The parties shall be given the opportunity to participate in the proceedings conducted by the Commissioner and to respond to
and file exceptions to the Commissioner's report prior to its submission to the Superior Court.
The Superior Court may, in addition, conduct hearings with the participation of the Commissioner and all parties. The Superior Court may appoint, with the approval of this Court, a Special Master to assist the court in all proceedings and in reaching its determinations and rendering its decision. The Superior Court, based on its review of the Commissioner's report, any additional evidence, and any findings and determinations of the Special Master, shall render a decision with its findings, conclusions, and recommendations covering the special programs that should be implemented in the special needs districts and the costs of their implementation. That decision will be made available to all parties, and shall be reviewed by this Court.
We do not, in directing this remedial relief, invalidate or enjoin the application of the supplemental programs for the special needs districts as provided by CEIFA for the 1997-1998 school year.
Our Constitution requires that public school children be given the opportunity to receive a thorough and efficient education. That constitutional vision irrefutably presumes that every child is potentially capable of attaining his or her own place as a contributing member in society with the ability to compete effectively with other citizens and to succeed in the
economy. The wisdom giving rise to that vision is that both the child and society benefit immeasurably when that potential is realized.
Our Constitution demands that every child be given an equal opportunity to meet his or her promise. CEIFA is deficient in that it does not provide adequate resources to help the most educationally deprived children to achieve that promise or to effect change in our most needy schools. Some of those school districts will receive less in the way of physical security (Trenton), and some will receive less in the way of education funding (Newark), under the new act. Students in all of those districts will continue to attend school in substandard school buildings and under appalling conditions that frustrate, undermine, and ultimately defeat education. Nothing will be done under the act to attract the most qualified teachers to those environments or to improve teaching. None of the needs-based supplemental programs that we repeatedly have ordered will be implemented, save perhaps preschool and kindergarten, by the year 2001.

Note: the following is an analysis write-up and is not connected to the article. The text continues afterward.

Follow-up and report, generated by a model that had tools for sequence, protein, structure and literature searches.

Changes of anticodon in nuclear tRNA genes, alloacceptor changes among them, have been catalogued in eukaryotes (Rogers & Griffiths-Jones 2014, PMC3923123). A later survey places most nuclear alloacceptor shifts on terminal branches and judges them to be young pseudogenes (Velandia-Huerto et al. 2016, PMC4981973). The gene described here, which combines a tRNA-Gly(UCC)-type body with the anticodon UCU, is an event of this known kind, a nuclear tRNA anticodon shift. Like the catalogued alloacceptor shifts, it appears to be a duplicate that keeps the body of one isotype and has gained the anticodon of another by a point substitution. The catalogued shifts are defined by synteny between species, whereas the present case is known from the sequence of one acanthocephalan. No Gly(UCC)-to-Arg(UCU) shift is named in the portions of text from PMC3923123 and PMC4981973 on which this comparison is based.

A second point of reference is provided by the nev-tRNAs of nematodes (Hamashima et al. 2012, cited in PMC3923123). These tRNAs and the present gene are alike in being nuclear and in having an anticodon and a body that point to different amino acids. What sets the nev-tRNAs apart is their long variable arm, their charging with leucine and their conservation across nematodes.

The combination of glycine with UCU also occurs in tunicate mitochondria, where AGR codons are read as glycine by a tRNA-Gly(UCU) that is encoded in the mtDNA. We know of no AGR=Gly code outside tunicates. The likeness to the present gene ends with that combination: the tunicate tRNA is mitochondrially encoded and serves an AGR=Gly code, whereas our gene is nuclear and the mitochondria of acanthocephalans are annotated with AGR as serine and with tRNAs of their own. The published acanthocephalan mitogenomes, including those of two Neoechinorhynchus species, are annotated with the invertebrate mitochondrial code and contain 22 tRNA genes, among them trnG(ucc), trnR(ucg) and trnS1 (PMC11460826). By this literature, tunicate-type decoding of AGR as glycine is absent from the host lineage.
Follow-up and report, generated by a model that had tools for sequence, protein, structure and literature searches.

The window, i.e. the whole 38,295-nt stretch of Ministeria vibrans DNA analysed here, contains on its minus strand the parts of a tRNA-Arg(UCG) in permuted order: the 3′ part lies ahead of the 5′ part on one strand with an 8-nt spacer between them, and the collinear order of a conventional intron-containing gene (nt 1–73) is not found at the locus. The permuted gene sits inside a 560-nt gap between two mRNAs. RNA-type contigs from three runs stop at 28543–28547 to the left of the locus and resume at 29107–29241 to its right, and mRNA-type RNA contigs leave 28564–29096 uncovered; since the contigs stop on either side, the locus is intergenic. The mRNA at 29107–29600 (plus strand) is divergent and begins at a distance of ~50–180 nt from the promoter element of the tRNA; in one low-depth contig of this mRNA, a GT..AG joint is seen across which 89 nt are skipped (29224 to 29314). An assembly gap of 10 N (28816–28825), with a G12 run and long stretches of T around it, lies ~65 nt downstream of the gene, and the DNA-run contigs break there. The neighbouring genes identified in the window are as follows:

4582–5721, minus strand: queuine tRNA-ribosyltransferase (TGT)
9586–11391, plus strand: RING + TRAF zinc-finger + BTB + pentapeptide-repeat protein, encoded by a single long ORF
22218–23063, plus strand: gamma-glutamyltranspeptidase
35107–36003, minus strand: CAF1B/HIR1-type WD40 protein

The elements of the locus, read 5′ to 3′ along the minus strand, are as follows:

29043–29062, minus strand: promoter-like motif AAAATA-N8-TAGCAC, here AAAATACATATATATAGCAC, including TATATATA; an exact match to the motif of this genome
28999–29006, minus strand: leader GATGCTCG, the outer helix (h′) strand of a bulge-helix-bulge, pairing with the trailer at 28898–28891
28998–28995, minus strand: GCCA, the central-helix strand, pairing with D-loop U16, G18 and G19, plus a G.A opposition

It is against that backdrop, and the inescapable reality of a continuing profound constitutional deprivation that has penalized generations of children, that one must evaluate an alternative, "wait and see" approach. That approach usually is both prudent and preferred in constitutional jurisprudence, and the Court has taken that approach in the past. E.g., Abbott III, supra, 136 N.J. 444; Abbott II, supra, 119 N.J. 287; Abbott I,
supra, 100 N.J. 269; Robinson I, supra, 69 N.J. 449. In light of the constitutional rights at stake, the persistence and depth of the constitutional deprivation, and in the absence of any real prospect for genuine educational improvement in the most needy districts, that approach is no longer an option.